September 13, 2009

Garden in Late Summer

My husband has been over the road for the past few days, so I have nothing new to report on the hearth, or the wiring (other than since the K&T is no longer connected, I have no overhead lights in the back half of my house.)

I can however, show you how my little garden is doing.

These have been the tastiest tomatoes ever!Tomatoes are still ripening, though no longer blooming.

Waiting for these to turn red.My lone pepper plant is doing well.

I love okra flowers.  They are kin to hibiscusOkra has really taken off.

Cucumbers have done very wellCucumbers are still flowering and producing, in spite of losing leaves.

This is an heirloom variety & so I can save the seed. I left a couple in the garden for next year's seed.

Lots of flowers, practically no pumpkins!This is my only pumpkin. I had two, but when the first was
ready to pick I discovered a big worm hole in it. Disappointing.

Kentucky Wonder are great producers.Green beans still producing well. I'm leaving the rest for seed.

Poor things droop all afternoon Impatiens miss the shade of the two old oaks.

FooeyProblems with pickleworm in my winter squashes. I'll still have
some butternuts, but he acorns were all lost.

Next year - moreDidn't plant a lot of corn so didn't get a lot.

I love zinniasZinnias are happy.

The seed heads are almost ready to harvest.Sunflowers are drooping with heavy heads.

............ and fall planting has begun.

Garden in Late Summer photos and text copyright September 2009


Julie said...

Your garden looks like it is still doing well. I wish we could have gotten one in but I'm looking forward to next spring.

Lori said...

Loved reading about your garden! :) I was wondering about your okra (I pronounce it okree)...ours is about 7 or 8 feet tall this summer! We've gotten lots of rain in East Tennessee. The past two years we had drought conditions and the okra then was just about 4 or 5 feet tall. What a difference rain makes! :)

Renee Nefe said...

Between the hail and squash bugs it is a wonder that I've gotten anything at all our of my garden...we did get some lettuce and we might get some tomatoes before the season is over. oh and there are some bell peppers too.

I have a friend who had better luck because she was able to put up a cover over her tomatoes each time we had a hail storm.

Maybe next year will do better.

Your garden looks very yummy!

Dorothy said...

I am very impressed with how well your new garden has done. We are eating home-grown runner beans, potatoes, a rare "heritage" variety kale called Ragged Jack,and just gathered the last of our onion crop today. Home grown onions are much, much tastier. Judging by your tomatoes, peppers and corn you have a warmer summer than us.

Will you plant any veg. to grow or crop over winter?

Life Looms Large said...

The tomatoes and peppers look absolutely beautiful & delicious!

I've never seen okra has a pretty flower.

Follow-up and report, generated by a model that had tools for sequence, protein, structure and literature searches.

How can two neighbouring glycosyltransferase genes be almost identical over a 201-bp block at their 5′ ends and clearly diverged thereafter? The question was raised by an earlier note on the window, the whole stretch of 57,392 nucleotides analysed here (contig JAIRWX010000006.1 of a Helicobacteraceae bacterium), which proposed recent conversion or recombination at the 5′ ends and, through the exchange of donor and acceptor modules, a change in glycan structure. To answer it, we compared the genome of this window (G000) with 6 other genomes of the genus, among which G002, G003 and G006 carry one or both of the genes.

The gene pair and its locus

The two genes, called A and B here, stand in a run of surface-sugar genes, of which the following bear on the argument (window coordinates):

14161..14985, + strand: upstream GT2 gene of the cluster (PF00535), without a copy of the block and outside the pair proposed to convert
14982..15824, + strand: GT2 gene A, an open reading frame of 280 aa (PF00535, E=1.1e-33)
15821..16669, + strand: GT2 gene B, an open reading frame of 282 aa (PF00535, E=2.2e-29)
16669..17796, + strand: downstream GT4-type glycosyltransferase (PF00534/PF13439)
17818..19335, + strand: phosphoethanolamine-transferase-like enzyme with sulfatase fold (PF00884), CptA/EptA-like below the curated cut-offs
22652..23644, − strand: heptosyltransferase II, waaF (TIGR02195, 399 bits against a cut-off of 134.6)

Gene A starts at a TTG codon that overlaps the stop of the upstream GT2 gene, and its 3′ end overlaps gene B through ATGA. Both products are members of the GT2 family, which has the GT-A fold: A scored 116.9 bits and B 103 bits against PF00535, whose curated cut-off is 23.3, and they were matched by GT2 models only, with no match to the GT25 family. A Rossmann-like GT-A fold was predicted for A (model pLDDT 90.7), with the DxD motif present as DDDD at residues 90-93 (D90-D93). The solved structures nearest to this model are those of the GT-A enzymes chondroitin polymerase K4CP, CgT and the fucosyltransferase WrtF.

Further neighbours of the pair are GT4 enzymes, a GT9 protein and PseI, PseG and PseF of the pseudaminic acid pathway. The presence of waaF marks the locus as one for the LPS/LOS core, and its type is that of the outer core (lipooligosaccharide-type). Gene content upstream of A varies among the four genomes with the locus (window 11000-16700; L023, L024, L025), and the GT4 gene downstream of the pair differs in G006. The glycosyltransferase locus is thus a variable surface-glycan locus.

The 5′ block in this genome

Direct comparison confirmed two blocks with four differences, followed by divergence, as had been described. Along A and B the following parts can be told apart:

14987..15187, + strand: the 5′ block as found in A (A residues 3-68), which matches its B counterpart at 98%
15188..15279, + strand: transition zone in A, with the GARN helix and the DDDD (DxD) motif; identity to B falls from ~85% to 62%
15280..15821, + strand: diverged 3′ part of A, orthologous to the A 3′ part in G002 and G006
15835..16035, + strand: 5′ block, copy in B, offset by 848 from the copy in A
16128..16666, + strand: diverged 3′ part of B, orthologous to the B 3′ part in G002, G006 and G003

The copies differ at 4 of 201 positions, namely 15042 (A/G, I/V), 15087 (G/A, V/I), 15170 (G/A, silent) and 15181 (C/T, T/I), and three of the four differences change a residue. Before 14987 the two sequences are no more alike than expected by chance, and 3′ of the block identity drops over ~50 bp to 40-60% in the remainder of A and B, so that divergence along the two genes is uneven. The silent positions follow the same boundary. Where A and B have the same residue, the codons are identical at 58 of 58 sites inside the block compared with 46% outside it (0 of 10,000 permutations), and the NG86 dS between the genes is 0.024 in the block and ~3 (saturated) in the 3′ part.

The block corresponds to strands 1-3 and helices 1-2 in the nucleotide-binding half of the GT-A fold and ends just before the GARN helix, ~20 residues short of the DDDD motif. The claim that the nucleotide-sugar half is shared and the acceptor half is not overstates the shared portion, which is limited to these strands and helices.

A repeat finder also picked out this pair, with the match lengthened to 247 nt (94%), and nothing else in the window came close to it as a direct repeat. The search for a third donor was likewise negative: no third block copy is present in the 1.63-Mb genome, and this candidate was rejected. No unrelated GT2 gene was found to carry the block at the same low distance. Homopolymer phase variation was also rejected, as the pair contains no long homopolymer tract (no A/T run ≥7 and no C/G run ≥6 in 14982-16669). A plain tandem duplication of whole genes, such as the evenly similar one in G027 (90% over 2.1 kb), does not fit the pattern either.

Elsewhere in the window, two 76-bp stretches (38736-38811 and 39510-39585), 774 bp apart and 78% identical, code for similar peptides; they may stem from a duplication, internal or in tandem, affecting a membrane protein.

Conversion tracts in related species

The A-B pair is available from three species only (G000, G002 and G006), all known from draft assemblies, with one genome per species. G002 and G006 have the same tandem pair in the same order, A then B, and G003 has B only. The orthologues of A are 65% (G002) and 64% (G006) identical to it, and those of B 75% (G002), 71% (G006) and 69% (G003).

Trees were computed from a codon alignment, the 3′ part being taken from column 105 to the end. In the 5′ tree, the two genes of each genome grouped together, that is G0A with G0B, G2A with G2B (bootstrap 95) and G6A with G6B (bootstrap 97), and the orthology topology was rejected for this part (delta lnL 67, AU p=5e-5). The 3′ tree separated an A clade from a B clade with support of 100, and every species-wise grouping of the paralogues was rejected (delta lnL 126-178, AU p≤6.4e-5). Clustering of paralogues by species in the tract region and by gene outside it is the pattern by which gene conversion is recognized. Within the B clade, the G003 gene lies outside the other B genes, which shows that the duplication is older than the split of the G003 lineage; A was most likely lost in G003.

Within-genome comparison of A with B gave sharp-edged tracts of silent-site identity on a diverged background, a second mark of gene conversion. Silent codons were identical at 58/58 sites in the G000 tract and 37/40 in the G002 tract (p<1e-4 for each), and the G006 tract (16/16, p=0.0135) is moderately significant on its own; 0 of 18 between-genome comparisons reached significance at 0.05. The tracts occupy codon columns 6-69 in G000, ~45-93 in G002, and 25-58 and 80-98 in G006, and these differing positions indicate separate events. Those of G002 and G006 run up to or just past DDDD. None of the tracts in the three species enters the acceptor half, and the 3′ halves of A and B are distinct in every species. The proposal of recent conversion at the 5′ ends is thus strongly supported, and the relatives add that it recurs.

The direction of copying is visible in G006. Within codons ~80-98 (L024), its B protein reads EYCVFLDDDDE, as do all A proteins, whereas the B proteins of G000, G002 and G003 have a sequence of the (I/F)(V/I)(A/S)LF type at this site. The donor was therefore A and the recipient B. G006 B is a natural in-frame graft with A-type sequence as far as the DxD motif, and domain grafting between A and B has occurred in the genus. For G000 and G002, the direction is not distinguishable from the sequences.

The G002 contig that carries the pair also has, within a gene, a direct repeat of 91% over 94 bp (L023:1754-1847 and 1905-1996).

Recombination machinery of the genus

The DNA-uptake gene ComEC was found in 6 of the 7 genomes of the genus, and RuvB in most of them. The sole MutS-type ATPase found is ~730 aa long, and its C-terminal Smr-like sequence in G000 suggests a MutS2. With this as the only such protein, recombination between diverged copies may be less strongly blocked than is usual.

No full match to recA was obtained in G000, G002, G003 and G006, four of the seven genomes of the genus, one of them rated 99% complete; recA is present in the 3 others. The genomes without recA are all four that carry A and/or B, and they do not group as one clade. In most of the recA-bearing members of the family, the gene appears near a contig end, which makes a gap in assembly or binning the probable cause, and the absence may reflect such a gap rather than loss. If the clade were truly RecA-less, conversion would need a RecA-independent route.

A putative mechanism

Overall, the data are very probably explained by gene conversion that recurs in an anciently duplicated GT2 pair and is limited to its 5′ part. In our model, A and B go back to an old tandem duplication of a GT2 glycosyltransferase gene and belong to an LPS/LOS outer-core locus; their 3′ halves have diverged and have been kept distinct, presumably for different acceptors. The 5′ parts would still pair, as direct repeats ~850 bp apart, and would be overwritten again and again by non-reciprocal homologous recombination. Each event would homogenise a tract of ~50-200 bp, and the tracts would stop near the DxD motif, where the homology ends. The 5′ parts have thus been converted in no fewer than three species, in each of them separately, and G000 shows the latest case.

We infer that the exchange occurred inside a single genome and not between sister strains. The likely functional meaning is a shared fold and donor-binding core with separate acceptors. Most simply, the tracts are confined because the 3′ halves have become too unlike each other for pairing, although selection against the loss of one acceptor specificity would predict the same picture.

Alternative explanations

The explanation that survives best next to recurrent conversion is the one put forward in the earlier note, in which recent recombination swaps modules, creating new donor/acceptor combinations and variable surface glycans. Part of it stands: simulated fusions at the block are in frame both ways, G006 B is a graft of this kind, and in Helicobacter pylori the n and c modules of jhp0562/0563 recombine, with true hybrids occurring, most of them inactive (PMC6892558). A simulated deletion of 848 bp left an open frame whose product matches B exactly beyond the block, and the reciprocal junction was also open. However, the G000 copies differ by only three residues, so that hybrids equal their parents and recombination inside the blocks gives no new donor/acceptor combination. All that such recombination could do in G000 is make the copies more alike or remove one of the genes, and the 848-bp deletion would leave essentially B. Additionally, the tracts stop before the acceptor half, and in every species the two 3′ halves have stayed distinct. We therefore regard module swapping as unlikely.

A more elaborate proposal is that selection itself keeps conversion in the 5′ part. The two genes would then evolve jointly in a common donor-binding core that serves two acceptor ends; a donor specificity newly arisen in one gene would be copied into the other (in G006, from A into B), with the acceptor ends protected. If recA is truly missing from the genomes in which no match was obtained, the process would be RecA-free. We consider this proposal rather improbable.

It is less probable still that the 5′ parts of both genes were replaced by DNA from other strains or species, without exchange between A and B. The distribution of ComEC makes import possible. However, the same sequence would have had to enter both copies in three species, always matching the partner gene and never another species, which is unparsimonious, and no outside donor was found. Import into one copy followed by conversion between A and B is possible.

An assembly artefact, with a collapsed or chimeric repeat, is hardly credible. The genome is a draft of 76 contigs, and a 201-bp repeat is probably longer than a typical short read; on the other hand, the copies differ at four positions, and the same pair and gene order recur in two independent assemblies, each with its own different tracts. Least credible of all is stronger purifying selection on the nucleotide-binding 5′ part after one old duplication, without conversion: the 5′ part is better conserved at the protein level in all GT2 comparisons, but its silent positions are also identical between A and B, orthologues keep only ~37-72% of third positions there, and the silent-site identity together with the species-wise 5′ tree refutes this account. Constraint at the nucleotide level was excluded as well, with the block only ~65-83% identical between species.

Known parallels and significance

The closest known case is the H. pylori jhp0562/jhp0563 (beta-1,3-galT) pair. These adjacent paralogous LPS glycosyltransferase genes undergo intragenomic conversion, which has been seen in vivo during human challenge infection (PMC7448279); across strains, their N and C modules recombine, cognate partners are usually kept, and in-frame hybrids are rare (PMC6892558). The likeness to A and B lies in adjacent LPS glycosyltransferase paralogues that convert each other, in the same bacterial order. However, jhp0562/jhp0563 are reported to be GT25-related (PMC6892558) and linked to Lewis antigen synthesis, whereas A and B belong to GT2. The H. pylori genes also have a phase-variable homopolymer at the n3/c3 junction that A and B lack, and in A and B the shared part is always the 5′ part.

Your garden definitely tempts me to do more with mine!


bspinner said...

Everything looks yummy!! If this is what you got this year imagine what you'll get next year after all your prep work on your new garden.

Sharon said...

I'd say that congratulations are in order for your produce. We were thwarted on several fronts - the harsh winds emptied the apple tree in one event. We were able to feed the downed apples to our equestrian visitors so I think I'm good with that. I've got my fingers crossed on tomatoes~

Theresa said...

Great update and I'd say all things considered you have a pretty productive little garden. Thank you for sharing the bounty and here's too a fab garden next year!

Woolly Bits said...

I think you must have the perfect climate for gardening! no tomatoes outside here, no squashes, pumpkins etc. either (too cold during summer:() - never mind okra (the flowers are beautiful!)...the only thing that grew and fruited well this year have been runner beans - an old german variety, which doesn't mind cool summers with a lot of rain.

Leigh said...

Julie, you will definitely enjoy having a garden next year.

Lori, that is an interesting observation about the okra and rain. We've had enough rain this year so that we are no longer in a drought, officially, but the past month has been very dry. I planted my okra late however, about 4 or 6 weeks later than I normally would. Hopefully they'll produce well right up until first frost.

Renee, I've got my fingers crossed for you for those tomatoes!

Dorothy, you've got some things that I am anxious to plant next year! Just the idea of homegrown potatoes and onions makes my mouth water.

I did start a fall garden, though there isn't much to show for it yet. I'm not sure what I'm going to do with the rest of that space though, except plant a shade tree late this autumn. Eventually it will become a shade garden, but I'm not exactly sure what I'll do with it until the shade tree produces some shade. The grass would be more than happy to take over once again.

Sue, okra is a real Southern treat. I'm not sure of it's range, but it's easy and produces a lot. Plus (as you see) it's pretty to look at.

Barb, that's the plan!

Sharon, thanks. Is wind a problem every year for you? I hope you get some tomatoes too!

Theresa, thank you!

Bettina, even so I imagine those beans are tasty ones. :)

Marie said...

Your late summer garden looks great, we are still getting some summer squash, but our tomatoes got a fungus. Also thought you and your readers might be interested in the give-a-way I am having. Take care

Heather said...

I never knew that Okra had such a gorgeous bloom. What a lovely photo.